Given that nearly 73 percent of Americans in 2016 do not have college degrees, it is amazing that a Trump-like demagogue has not won the presidency before, and that our democracy has not degraded long before now.
Most voters in the past never took a college-level course in history, politics, persuasion, argumentation, sociology, economics, or any of the other courses that are important to an informed citizenry. Many did not even take college-bound high school classes in those subjects.
To be snobbish about it, many voters don’t know how to think. Imagine the back-of-the-row students in your high school who didn’t go to college. That could be the average voter in America. Low-information, shallow-thinking, easily manipulated.
Some of their political views blow with the wind. After eight years of Republican president Bush, in 2008 they thought Obama would be a “magic negro,” the second coming, and are disappointed he didn’t wave a wand and bring back manufacturing jobs lost to globalization and automation. So this year a number of them are angry and voting for Donald Trump.
Others vote blindly for one political party or another, loyalty to party above everything else. It’s easy to demonize those we disagree with. Mitt Romney wrote off 47 percent of voters because, he said, they are on the dole, in one form or another, and choose Democrats because they think they’ll get “free stuff.” Hillary Clinton wrote off half of Trump supporters — about 20 percent of the electorate — asserting that they are racist, sexist, homophobic, Islamophobic, or “you name it.”
Both positions are pretty elitist, and do not seek to understand the opposition.
I used to think American voters had innate common sense; they might not be highly educated, but they were salt-of-the-earth people with good instincts and were good judges of character, and that’s what has always saved America.
This year has sewn some doubts in that premise. But I remain reasonably confident it will be true in 2016 as well.
Certainly, I realize my wife and I live in a bubble. We have few friends without college degrees. We don’t really know the experiences of most Americans. I find this challenging. I need to get out more, listen to the experiences of REAL Americans more.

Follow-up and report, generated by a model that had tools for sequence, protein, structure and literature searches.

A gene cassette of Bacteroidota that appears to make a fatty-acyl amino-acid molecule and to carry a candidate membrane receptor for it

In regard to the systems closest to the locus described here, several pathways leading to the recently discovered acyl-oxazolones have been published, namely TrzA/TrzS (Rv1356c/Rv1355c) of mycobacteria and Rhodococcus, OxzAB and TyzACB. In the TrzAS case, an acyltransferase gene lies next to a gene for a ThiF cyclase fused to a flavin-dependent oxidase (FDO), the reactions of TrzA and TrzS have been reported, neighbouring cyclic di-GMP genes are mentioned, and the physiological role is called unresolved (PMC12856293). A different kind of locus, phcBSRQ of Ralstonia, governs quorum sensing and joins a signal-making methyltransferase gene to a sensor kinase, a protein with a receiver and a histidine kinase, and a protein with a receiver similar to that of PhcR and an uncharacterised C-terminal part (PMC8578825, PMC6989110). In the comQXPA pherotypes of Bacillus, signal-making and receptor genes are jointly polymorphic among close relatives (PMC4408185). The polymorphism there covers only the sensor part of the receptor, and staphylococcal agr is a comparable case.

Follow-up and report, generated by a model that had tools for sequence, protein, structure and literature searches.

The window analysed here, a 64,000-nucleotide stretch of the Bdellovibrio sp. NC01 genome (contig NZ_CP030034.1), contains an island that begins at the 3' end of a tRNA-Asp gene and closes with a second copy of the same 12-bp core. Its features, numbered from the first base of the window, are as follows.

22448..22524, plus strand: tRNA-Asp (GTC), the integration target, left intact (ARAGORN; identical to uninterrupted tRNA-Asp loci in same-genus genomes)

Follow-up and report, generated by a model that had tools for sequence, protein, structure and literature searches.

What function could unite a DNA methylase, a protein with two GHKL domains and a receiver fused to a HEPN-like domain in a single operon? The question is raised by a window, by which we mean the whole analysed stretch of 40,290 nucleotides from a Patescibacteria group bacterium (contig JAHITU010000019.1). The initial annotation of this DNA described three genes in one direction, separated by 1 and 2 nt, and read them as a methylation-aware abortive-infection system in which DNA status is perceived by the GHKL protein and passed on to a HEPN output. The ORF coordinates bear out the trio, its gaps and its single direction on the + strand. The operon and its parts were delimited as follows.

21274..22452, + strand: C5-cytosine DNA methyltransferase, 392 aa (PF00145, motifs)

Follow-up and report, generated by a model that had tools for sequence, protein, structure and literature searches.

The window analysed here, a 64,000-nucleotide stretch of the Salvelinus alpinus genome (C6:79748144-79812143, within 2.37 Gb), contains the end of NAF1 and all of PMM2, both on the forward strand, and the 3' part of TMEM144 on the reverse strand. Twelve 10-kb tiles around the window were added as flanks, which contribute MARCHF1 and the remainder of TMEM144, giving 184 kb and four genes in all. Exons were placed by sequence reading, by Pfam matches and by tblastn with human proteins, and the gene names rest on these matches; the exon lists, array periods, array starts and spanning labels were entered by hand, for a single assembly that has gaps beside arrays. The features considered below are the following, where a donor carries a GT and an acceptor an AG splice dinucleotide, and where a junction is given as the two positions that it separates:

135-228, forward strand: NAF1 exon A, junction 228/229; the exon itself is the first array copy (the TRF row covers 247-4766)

Perhaps my perceptions this year are skewed. The percent of Americans with college degrees has increased greatly since 1940, when only five percent of the population was college educated. College grads grew to 10 percent in 1960; 20 percent in 1980; and close to 30 percent by 2009, but has flattened or dropped down slightly since then, due largely to the Great Recession and high cost of college. Too many students can’t afford to go to college. That might explain, at least partly, the frustration and anger expressed in politics in 2016.
Actually, while nearly three-quarters of adults do not have college degrees, about HALF of voters are projected to have college degrees in 2016. And that’s the largest proportion of educated voters EVER. “As a country we are more highly educated than we’ve ever been,” reports
Asma Khalid on National Public Radio. In 1980, for example, about two-thirds of all voters were white working class. By 2012, only about a third of voters were white folks without a college degree.
There is a strong correlation between lack of education and not voting. That’s not necessarily healthy for society that half of eligible voters don’t actually vote, and that the uneducated feel so disengaged and disempowered in a democracy.
And college isn’t for everyone. But vocational training after high school is essential to building a strong middle class in America that shouldn’t have to settle for minimum wage jobs. America will never win economically by trying to compete with China, Mexico, India and developing countries in Asia to fill the lowest-wage jobs.
Bruce Johnson responds: “Margaret Thatcher, for once, put it well. In a parliamentary debate, the other side complained that an issue was too complex for the people to understand. She replied, ‘The people can understand it if we can explain it.’ “
He then recalled an experience speaking to a vocational class in high school about the 1968 election between Republican Richard Nixon, Democrat Hubert Humphrey and American Party candidate George Wallace. When Bruce entered the class, not a single student was for Humphrey, or willing to speak up for him. But clearly the class was open to persuasion. After Bruce spoke on Humphrey’s behalf, half the class raised their hand to “vote” for Humphrey.
“FDR communicated with voters in a way that enabled them to understand big issues and to rally behind him,” Bruce writes. “Harry Truman did the same. But Adlai Stevenson talked over their heads so he failed to convince them. Bill Clinton is good at that.
“I think part of the problem is that in the old days even people without a lot of education read the papers and watched the network news. Now most people if they follow the news at all get it from cable or the Internet off sites that reinforce their prejudices and fail to challenge them.”